Fashion Sense-ibility

Jennifer Randall


The fashion world would often lead us to believe that fashion photography is an art form that gives the public enjoyment in an artificial world where all pretty things live. In flipping through issues of fashion magazines, I have realized that although there are people involved in the taking and making of these images that might be trying to express their creativity, the main purpose is to sell a product; to create an ideal world that the public yearns to be a part of. I believe the primary objective is to make women in the real world feel the need to emulate the women in the ads. By doing this, women not only take on the ideals set out for them, but also the roles. Women often find themselves classifying their importance and social status based on the trends of the fashion world and often measuring their worth by their ability to fit into the illusions created in the magazines. Unfortunately these images don’t always portray women as strong or confident. Instead they place them in roles such as that of being an accessory or commodity; roles that make them worth what they pay for.

I have chosen to use such fashion advertisements as the foundations for my work. In choosing images for my paintings, I focus on the negative portrayal of the women being depicted. I then alter elements of the ads to emphasize the sometimes subtle aspects that degrade women, influencing us by playing on our insecurities.

In most of the images I work with, the person in the ad seems to be the least important aspect with the viewer’s attention being drawn to the items that are being promoted. I show this in my work by primarily focusing on the textures and patterns found in the images. I put more emphasis on these areas by leaving the figures plain-faced and without make-up, which often results in the surroundings somewhat overshadowing the figures, making them seem quite plain by comparison.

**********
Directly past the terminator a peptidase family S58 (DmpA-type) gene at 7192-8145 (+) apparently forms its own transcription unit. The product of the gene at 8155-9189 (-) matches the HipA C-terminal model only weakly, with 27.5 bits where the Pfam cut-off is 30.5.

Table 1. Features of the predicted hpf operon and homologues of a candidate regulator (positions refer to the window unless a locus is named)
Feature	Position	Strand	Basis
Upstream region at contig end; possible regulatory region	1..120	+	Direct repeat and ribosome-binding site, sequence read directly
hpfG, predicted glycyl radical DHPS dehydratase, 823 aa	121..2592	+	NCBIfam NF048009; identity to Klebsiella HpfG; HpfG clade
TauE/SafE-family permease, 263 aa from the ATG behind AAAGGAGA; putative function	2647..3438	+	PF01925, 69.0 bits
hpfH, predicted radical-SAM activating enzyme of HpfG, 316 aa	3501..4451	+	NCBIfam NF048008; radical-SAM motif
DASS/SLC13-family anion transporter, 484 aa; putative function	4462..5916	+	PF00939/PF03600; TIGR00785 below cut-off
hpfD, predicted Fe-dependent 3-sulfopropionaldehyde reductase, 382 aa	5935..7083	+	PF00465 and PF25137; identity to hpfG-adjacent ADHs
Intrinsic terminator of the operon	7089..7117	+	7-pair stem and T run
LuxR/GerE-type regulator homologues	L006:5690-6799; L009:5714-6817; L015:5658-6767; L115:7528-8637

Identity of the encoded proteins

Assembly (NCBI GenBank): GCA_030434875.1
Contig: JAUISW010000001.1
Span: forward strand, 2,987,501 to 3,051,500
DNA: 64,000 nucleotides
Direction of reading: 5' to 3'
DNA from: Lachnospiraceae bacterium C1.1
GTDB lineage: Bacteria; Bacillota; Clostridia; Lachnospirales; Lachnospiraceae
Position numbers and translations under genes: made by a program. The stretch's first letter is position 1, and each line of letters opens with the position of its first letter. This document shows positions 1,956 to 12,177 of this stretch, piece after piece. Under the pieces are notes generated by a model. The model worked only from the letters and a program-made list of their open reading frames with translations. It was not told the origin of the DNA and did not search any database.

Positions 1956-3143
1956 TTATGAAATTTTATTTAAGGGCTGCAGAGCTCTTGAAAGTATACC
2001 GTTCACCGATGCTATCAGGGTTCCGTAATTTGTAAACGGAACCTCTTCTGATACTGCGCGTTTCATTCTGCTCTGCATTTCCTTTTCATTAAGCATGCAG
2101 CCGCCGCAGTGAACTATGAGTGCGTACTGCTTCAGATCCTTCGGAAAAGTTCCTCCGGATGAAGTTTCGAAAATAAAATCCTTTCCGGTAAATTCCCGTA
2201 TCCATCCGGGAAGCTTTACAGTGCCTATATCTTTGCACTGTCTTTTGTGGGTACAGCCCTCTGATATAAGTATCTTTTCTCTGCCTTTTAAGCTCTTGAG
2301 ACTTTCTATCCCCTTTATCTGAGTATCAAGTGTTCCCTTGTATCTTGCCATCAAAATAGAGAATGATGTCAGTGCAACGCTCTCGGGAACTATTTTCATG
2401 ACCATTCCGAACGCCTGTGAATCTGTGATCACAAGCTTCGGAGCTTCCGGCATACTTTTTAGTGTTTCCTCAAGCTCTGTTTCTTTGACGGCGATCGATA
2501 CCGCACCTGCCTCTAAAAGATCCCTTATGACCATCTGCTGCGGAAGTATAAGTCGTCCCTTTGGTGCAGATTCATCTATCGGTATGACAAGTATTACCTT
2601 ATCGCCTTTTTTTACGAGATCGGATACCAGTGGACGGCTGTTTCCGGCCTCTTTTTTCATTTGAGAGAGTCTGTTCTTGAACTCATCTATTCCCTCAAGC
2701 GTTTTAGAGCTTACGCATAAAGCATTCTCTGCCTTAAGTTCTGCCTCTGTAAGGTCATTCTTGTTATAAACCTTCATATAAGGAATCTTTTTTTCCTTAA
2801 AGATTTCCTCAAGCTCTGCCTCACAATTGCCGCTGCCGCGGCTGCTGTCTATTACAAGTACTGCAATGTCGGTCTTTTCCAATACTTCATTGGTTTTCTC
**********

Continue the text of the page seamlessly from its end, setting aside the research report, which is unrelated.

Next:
I choose to express my ideas through a series of self portraits. By using my own image in all of the paintings the viewer realizes that I am not recreating the ads identically to how they would be found in magazines. I also use myself as a model to give the viewer someone ordinary to relate to, making the work more identifiable as a result. I do not copy the advertisements, but instead draw from their compositions and palettes to make reference to the ads while at the same time remaining in the realm of painting. I make reference to photography by rendering the subjects realistically and by containing the images and figures within their canvases. Even when there is a hint of an outside world, such as the inclusion of a window, it is disrupted by the reflection of the room.

My satirical interpretations of the advertisements show my frustration with the portrayal of women as well as the acceptance of these portrayals of women. The works also contain comical aspects to encourage the viewer to think about the content of the work without feeling the severity of the issues. The purpose of my work is to criticize the placement of women in these debasing representations and to encourage women to reject the standards that have been set as the ideal before them. Women fight against stereotypes in their everyday lives, so why allow our insecurities and vulnerabilities to be played on for the sake of a sale?